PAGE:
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Liz Giorgi working on a video

Graduating just before the Great Recession proved to be an unexpected boon for Liz Giorgi (BA ’07). Unable to find a job, the journalism graduate from Mountain Iron, MN, started freelancing as a videographer, working for the Big Ten Network, Twin Cities Public Television, and Apartment Therapy, among other clients.

“It’s lucky I was a hustler,” says Giorgi.

Lucky indeed, for a dozen years later, Giorgi has hustled her way into founding two thriving businesses: the online video business Mighteor, and the brand new, rapidly exploding photo and video business, Soona.

Mighteor came about when Giorgi was doing digital strategy work for a Minneapolis based communications firm. One day, while trying in vain to find a video production company that could make Facebook videos, she thought, “I could do that.” And she did, in 2013 founding Mighteor, a company specializing in producing videos for the Internet.

Soon the industry boomed, with seemingly every company and institution in the nation needing constant video content to populate their social channels.

Before long, she and her Mighteor crew members—which now number 14—were making videos for Facebook, the Red Cross, the U of M, Blue Cross Blue Shield of Minnesota, and many others.

Yet Giorgi remained dissatisfied. The average video still cost clients $20,000 and took eight to ten weeks to produce. Not every small company could afford that time and money, and even the larger ones were eager for a quicker, cheaper way to keep content fresh.

Enter Soona, a new company its founders call a “fast, casual content revolution.” Soona is the brainchild of Giorgi and partner Hayley Anderson, whom she hired in late 2015 to run Mighteor’s animation department.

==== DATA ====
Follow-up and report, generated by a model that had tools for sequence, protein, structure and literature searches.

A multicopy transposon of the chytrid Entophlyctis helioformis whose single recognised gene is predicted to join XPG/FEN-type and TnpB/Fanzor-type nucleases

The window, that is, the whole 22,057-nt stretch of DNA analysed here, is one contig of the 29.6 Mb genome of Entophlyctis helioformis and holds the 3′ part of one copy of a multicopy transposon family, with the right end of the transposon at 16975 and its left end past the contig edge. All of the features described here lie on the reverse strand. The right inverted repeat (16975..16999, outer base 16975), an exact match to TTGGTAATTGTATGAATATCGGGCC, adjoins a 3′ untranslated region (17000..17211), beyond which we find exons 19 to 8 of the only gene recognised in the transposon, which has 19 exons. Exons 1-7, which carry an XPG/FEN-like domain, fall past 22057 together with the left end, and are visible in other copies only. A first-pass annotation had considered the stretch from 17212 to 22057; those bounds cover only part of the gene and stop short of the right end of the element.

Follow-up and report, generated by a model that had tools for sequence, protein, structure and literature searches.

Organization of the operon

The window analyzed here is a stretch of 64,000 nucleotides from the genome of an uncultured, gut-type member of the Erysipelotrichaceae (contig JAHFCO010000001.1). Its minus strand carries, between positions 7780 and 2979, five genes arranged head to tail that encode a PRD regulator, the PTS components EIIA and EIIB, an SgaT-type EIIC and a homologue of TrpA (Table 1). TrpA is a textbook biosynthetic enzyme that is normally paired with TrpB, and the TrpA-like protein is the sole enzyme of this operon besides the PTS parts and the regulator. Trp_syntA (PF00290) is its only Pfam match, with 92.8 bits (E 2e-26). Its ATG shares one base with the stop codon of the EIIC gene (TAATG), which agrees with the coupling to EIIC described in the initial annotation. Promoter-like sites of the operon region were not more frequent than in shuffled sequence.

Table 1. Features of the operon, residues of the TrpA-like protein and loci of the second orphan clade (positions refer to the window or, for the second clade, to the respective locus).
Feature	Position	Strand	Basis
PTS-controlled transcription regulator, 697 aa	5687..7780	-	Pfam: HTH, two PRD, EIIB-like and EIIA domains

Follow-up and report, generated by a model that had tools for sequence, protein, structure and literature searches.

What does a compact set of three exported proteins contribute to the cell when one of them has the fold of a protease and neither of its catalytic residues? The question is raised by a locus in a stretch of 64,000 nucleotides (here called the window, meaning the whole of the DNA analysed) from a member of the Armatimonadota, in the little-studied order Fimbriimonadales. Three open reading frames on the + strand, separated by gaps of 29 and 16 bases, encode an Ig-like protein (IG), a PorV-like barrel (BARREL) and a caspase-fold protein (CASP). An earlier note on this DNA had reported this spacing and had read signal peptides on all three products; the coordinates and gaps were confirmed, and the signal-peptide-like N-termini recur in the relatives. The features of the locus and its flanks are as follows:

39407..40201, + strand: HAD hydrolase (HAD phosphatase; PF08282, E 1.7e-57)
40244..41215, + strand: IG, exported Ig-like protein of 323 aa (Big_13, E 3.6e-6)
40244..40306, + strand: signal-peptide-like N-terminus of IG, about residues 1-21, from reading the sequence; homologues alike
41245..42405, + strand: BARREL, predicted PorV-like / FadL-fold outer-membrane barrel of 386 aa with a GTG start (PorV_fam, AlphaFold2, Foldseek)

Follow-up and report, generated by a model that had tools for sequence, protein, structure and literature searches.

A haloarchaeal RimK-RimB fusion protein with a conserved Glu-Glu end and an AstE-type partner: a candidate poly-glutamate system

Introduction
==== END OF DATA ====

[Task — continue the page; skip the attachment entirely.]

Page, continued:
The idea behind Soona is that companies crave quality photos and video, but they want them fast and cheap, and want to be able to choose for themselves which shots or footage to use.

Giorgi and Anderson were able to launch Soona in April 2019, and won $1.2 million in venture capital financing in May. They opened Soona’s Minneapolis storefront the same month, quickly followed by a Denver branch. Now, they have 17 employees working between the two cities.

“We help small companies compete with the giants of the world by generating beautiful custom photos and videos—fast,” says Giorgi.

But speed and cost aren’t the only revolutionary aspects of Soona. Gaining almost as much attention is the company’s “candor clause,” which requires investors to disclose if they or their employees have ever been accused of sexual assault or harassment.

Soona’s founders also support women by “treating them with dignity and paying them what they deserve,” says Giorgi. She is also committed to hiring full-time staff with good benefits, again unusual in this industry’s heavily freelance world.

“I’m on a real tear right now to use our business to advance equality. If we can nail establishing a great work community, the sky’s the limit as to what we can build.”

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An original version of this story appears in the winter issue of Minnesota Alumni, the magazine of the University of Minnesota Alumni Association.

https://twin-cities.umn.edu/node/364276
University of Minnesota, Twin Cities
01/22/2020